Various Tesla book cover images

Nikola Tesla Books

Books written by or about Nikola Tesla

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LVIII. This photograph shows the extra coil in central view with the discharge issuing from two diametrically opposite wires, pointing upwards, which are fastened to the brass ring or last turn on the top. The sparks, passing abundantly to the hood above the coil, produce a most beautiful symmetrical figure, which is rendered still more so by the fine texture and sharpness of the discharge paths. On the top of the coil from the brass ring delicate streamers rise producing the effect of a flame. The two wires from the ends of which the sparks and streamers sally forth glow all along. This is remarkable and indicates the great quantity of electrical movement. The glow of the top turn of the secondary and also that of the wire leading to the extra coil is strong, that of the latter wire being much stronger. Some exceptionally brilliant sparks occur occasionally. This happens when the discharge breaks out on one wire or point much earlier. In this case the spark continues along this path and practically all the energy supplied goes this way. In the experiment, as in most cases before, 100 throws of the switch were made, other particulars remaining unchanged.

Phot. LVIII. Discharge from "extra coil" issuing from two diametrically opposite wires, pointing upwards and fastened to the brass ring on the top of the coil.


Lowercase tau - an irrational constant defined as the ratio of the circumference of a circle to its radius, equal to the radian measure of a full turn; approximately 6.283185307 (equal to 2π, or twice the value of π).
A natural rubber material obtained from Palaquium trees, native to South-east Asia. Gutta-percha made possible practical submarine telegraph cables because it was both waterproof and resistant to seawater as well as being thermoplastic. Gutta-percha's use as an electrical insulator was first suggested by Michael Faraday.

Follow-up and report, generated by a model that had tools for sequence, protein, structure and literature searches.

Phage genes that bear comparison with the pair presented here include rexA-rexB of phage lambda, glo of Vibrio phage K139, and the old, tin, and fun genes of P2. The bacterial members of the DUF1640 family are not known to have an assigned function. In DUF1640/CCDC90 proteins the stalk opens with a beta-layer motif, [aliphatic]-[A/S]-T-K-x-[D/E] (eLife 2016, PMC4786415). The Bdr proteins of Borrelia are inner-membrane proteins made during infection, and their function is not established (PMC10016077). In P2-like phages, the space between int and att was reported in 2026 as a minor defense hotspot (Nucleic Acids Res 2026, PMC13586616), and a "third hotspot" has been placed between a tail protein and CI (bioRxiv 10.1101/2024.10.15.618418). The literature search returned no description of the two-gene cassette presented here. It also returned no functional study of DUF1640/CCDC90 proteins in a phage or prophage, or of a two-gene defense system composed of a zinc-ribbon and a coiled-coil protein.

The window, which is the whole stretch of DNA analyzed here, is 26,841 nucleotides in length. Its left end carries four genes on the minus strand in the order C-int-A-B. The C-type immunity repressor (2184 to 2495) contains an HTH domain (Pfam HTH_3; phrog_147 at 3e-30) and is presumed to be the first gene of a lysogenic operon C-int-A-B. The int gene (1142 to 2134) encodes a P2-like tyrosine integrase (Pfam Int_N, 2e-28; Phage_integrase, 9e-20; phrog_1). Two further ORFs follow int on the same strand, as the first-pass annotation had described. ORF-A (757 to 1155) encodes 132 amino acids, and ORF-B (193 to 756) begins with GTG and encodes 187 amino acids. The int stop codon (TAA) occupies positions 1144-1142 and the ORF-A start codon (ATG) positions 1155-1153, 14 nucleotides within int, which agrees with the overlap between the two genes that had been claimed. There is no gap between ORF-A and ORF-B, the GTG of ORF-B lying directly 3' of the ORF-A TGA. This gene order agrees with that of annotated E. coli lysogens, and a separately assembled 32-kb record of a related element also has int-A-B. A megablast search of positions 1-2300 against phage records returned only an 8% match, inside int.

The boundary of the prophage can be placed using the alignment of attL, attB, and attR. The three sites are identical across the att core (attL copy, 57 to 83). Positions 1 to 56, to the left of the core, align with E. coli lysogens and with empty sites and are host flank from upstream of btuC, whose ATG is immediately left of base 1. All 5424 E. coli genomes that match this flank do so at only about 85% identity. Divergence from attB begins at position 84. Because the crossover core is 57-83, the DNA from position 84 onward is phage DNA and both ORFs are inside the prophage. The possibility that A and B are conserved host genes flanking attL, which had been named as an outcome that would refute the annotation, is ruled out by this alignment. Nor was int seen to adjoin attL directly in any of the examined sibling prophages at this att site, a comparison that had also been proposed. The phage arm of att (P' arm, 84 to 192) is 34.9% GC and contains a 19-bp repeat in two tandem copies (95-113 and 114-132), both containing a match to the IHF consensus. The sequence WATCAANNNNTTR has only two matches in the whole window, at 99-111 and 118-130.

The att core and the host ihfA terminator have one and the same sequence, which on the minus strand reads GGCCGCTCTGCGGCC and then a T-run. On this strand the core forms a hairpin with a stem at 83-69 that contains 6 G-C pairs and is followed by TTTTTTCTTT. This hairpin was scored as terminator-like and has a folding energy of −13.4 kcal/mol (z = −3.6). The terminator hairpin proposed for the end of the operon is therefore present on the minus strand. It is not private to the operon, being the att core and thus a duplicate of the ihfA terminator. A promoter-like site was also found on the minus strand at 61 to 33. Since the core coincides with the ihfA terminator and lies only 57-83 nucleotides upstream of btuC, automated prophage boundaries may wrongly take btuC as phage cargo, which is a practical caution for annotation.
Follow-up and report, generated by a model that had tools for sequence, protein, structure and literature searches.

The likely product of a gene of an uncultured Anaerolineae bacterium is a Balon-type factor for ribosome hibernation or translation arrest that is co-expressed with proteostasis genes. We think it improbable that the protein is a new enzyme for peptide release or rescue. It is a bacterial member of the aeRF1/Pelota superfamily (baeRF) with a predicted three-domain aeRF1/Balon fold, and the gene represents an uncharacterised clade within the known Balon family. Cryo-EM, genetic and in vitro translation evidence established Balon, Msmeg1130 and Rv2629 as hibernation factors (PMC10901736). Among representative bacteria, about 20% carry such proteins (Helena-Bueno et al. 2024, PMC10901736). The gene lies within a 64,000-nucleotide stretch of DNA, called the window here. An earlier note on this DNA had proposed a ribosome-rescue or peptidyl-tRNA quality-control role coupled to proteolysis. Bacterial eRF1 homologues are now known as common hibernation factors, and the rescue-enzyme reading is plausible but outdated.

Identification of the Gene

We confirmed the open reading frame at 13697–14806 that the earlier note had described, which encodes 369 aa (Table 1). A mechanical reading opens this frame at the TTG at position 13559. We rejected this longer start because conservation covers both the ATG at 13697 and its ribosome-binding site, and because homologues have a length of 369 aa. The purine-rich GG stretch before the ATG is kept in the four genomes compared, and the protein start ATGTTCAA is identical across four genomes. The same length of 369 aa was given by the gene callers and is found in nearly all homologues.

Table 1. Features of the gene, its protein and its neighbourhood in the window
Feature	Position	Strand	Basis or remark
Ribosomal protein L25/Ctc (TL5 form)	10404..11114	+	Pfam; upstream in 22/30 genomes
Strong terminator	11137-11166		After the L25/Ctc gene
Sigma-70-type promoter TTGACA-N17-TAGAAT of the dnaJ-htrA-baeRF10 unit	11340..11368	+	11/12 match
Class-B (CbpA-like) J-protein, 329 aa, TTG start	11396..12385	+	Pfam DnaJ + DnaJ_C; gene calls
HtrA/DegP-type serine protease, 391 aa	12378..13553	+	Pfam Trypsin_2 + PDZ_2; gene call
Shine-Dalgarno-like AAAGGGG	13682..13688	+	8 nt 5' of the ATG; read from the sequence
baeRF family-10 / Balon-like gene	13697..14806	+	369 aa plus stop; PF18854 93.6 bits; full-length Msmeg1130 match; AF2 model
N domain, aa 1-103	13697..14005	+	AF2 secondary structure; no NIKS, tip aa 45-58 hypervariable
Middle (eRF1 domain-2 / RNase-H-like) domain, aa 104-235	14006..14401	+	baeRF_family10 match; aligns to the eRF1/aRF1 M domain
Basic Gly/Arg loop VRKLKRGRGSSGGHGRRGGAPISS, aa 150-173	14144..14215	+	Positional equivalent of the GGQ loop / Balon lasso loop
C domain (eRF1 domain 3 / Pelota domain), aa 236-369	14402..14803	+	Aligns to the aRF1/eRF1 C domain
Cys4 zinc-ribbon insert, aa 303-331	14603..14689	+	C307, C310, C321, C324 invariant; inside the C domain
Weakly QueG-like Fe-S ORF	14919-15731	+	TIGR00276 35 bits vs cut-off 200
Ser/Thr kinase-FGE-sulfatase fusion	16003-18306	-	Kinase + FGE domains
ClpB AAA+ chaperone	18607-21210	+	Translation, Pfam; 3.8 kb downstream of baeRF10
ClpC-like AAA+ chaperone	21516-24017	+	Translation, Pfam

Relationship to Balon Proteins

The Habirshaw Electric Cable Company, founded in 1886 by William M. Habirshaw in New York City, New York.
The Brown & Sharpe (B & S) Gauge, also known as the American Wire Gauge (AWG), is the American standard for making/ordering metal sheet and wire sizes.
A traditional general-purpose dry cell battery. Invented by the French engineer Georges Leclanché in 1866.
Refers to Manitou Springs, a small town just six miles west of Colorado Springs, and during Tesla's time there, producer of world-renown bottled water from its natural springs.
A French mineral water bottler.
Lowercase delta letter - used to denote: A change in the value of a variable in calculus. A functional derivative in functional calculus. An auxiliary function in calculus, used to rigorously define the limit or continuity of a given function.
America's oldest existing independent manufacturer of wire and cable, founded in 1878.
Lowercase lambda letter which, in physics and engineering, normally represents wavelength.
The lowercase omega letter, which represents angular velocity in physics.